4) Press the small ball bearing into place on the shaft with the letters up. Use an arbor press and special tools no ST-100 and ST-102.
5) Install the oil pump plunger, plunger spring, and the oil pump lug in the oil pump body, and secure the screen to the end of the pump body with the screen retainer.
6) Install the inner air piston ring on the boss of the bearing housing, and lock the ends of the ring together.
7) Press the input shaft seal into position inside the bearing housing with the lips of the seal facing inward. Use special tool ST-101.
8) Install the sealing “O” rings (two required) in the inside and outside groves of the housing shoulder. NOTE: Do not install the ring or rings in the center grove. This grove is a part of the air passageway system and, if it is blocked, the control system will malfunction.
9) Place the oil level sleeve on the oil level gauge (dipstick!) and gently tap into position in the side of the bearing housing.
10) Lightly oil the two small “O” rings and install them in the channels within the regulator well. Oil the sides of the solenoid regulator and push it down past the two “O” rings until it is firmly seated.
11) Place the retaining spring on top of the solenoid regulator, and then install the supercharger medallion. NOTE: The retaining spring must always be in place as it also serves to ground the solenoid case to the supercharger.
12) Install the outer air piston ring in the groove of the air piston. (Location of the gap is not important).
13) Place the air piston spring in the nose section of the bearing housing and then slide the air piston into place. Oil liberally. Push in on the piston, depressing the spring, and install the rear retaining ring on the inside of the air chamber.
14) Install the dust shield, and secure in place with the outer retaining ring.
15) Use an oil can containing Type “A” transmission fluid, fill the bore of the oil pump (thru the screen) and then rotate the output shaft while holding the oil pump body. Do this several times until oil can be seen pulsating just under the screen which will indicate that the oil pump is functioning.
16) Install the input shaft assembly in the bearing housing.
17) Place the shaft sealing spacer over the pulley end of the input shaft and push it down into position under the shaft seal.
1) Oil all moving parts with Type “A” automatic transmission fluid.
2) Install the bearing housing onto the scroll housing and secure it with six hex head capscrews, lockwashers, and flat washers. The capscrews should be tightened to 100 inch/pounds. NOTE: The flat washers should be placed under the lockwashers to prevent gouging of the housing. CAUTION: Tighten the bearing housing down evenly to prevent loss of concentricity between the drive system and the housing assemblies.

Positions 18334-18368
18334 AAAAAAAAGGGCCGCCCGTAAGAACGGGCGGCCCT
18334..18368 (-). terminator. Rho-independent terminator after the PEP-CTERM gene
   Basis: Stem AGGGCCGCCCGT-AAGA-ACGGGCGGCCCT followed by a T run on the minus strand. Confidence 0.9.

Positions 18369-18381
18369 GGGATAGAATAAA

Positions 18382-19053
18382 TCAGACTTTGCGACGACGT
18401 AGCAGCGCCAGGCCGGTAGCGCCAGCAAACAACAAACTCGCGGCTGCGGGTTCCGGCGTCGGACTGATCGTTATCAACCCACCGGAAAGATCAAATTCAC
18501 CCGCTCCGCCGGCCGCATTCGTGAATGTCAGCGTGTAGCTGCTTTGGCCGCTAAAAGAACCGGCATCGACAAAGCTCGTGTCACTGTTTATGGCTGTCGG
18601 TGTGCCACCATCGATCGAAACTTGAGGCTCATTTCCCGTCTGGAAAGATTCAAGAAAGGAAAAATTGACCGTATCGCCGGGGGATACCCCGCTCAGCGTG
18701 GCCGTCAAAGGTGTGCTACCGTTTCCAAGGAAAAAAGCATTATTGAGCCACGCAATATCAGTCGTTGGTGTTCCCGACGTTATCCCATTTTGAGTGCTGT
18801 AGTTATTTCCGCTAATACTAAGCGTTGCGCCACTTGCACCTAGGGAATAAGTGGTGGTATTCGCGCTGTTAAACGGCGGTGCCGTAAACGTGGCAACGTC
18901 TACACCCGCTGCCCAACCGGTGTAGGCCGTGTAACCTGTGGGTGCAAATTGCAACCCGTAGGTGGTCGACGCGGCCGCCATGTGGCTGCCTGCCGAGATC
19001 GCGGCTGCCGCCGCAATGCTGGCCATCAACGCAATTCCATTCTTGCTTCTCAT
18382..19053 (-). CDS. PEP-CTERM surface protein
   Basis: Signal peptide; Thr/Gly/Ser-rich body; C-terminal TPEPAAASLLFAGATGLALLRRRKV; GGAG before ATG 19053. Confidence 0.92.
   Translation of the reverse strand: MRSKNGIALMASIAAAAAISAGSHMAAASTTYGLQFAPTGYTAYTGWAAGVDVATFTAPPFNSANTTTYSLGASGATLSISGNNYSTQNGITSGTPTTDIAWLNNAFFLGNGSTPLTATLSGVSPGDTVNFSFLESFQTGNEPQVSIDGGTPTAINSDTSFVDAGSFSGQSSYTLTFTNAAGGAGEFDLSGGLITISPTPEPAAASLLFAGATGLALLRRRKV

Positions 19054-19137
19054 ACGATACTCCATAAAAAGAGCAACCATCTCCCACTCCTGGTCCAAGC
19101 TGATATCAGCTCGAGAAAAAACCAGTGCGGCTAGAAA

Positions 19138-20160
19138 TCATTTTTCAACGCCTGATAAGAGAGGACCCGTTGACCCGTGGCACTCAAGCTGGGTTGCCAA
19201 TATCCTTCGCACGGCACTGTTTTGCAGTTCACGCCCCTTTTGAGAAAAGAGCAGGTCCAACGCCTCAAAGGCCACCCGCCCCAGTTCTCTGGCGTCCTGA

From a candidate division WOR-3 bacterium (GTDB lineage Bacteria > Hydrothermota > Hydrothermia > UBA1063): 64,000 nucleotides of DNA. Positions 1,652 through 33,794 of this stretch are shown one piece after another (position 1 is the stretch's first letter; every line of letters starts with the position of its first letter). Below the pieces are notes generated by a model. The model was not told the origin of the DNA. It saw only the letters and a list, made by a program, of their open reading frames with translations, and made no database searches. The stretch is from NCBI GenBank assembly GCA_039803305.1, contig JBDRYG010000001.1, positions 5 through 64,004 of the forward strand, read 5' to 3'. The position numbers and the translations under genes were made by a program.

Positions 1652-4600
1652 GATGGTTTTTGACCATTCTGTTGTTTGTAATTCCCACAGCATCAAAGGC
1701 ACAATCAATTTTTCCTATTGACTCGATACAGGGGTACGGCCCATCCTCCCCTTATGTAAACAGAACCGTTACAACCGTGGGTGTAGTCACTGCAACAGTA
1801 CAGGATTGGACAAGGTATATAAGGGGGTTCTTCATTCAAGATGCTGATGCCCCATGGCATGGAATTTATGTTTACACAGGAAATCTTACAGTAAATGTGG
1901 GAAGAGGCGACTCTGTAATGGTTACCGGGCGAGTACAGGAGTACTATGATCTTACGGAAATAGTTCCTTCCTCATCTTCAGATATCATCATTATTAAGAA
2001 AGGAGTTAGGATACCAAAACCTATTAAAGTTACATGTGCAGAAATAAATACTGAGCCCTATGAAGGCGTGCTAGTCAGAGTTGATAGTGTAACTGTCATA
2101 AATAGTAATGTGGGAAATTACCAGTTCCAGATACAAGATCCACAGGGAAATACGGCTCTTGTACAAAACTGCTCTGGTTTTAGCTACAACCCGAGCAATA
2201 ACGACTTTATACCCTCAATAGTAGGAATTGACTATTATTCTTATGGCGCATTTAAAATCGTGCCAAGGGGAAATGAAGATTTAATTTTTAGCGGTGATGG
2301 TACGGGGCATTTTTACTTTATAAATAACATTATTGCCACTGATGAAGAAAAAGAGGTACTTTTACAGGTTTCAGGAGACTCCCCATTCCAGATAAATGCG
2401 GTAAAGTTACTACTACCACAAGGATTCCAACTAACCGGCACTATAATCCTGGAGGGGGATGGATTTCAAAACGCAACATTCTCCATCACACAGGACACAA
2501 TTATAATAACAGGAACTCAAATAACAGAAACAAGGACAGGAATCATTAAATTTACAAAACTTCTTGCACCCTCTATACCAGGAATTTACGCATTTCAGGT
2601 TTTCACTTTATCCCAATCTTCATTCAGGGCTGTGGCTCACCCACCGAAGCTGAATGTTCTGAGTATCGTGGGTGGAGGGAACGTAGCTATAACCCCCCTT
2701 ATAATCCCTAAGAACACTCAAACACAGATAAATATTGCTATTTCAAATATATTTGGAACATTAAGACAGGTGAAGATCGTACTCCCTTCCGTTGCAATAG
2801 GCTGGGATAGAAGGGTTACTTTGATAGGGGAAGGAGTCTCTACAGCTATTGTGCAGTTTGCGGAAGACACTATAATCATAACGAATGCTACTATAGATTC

1) Position the thrust bearing onto the rear of the sliding flange of the variable-ratio pulley.
2) Insert the special washer into the rear of the front (fixed) flange of the pulley. NOTE: The chamfered inner edge of the special washer should face the rear of the pulley flange.
3) Press the splined pulley hub into place in the front (fixed) flange of the pulley.
4) Position the sliding flange of the pulley to the splined hub. NOTE: The sliding flange should fit the splines but slide easily. If it fails to do so check for burrs on the splines.
5) Slide the key into the keyway of the input shaft (the key should slide easily in the groove and not have to be forced).
6) Push the variable-ratio pulley assembly down into position on the end of the input shaft, and secure with the retainer, lockwasher and socket, or hex head capscrew. Tighten to 200 inch/pounds torque.
7) Remove the supercharger from the special holding fixture, and remove the scroll cover from the scroll housing so that the impeller can be installed.
The impeller should be fitted to the output shaft to show an approximate clearance of 0.012 inch between the rear of the impeller and the face of the diffusor section. Shims of varying thickness were used to readily accomplish this clearance.
1) Wipe the face of the diffusor to free it of any foreign material, and then measure the depth of the face of the output shaft below the face of the diffusor. Take several readings to determine the exact, existing depth. Once this figure is obtained, 0.012 inch should be added to it as a basis for selection of shim, or shims. EXAMPLE: The surface of the output shaft is determined 0.015 inch below the face of the diffusor section. When 0.012 inch is added (for clearance between the impeller and the diffusor face), it is seen that a shim 0.027 inch thick (0.026 to 0.028 inch is acceptable) is required.
2) After determining the depth and correct shim, or shims, to use, the impellor and shims are assembled to the boss of the output shaft. Secure with a flat washer, lockwasher, and hex head capscrew tightened to 200 inch/pounds torque.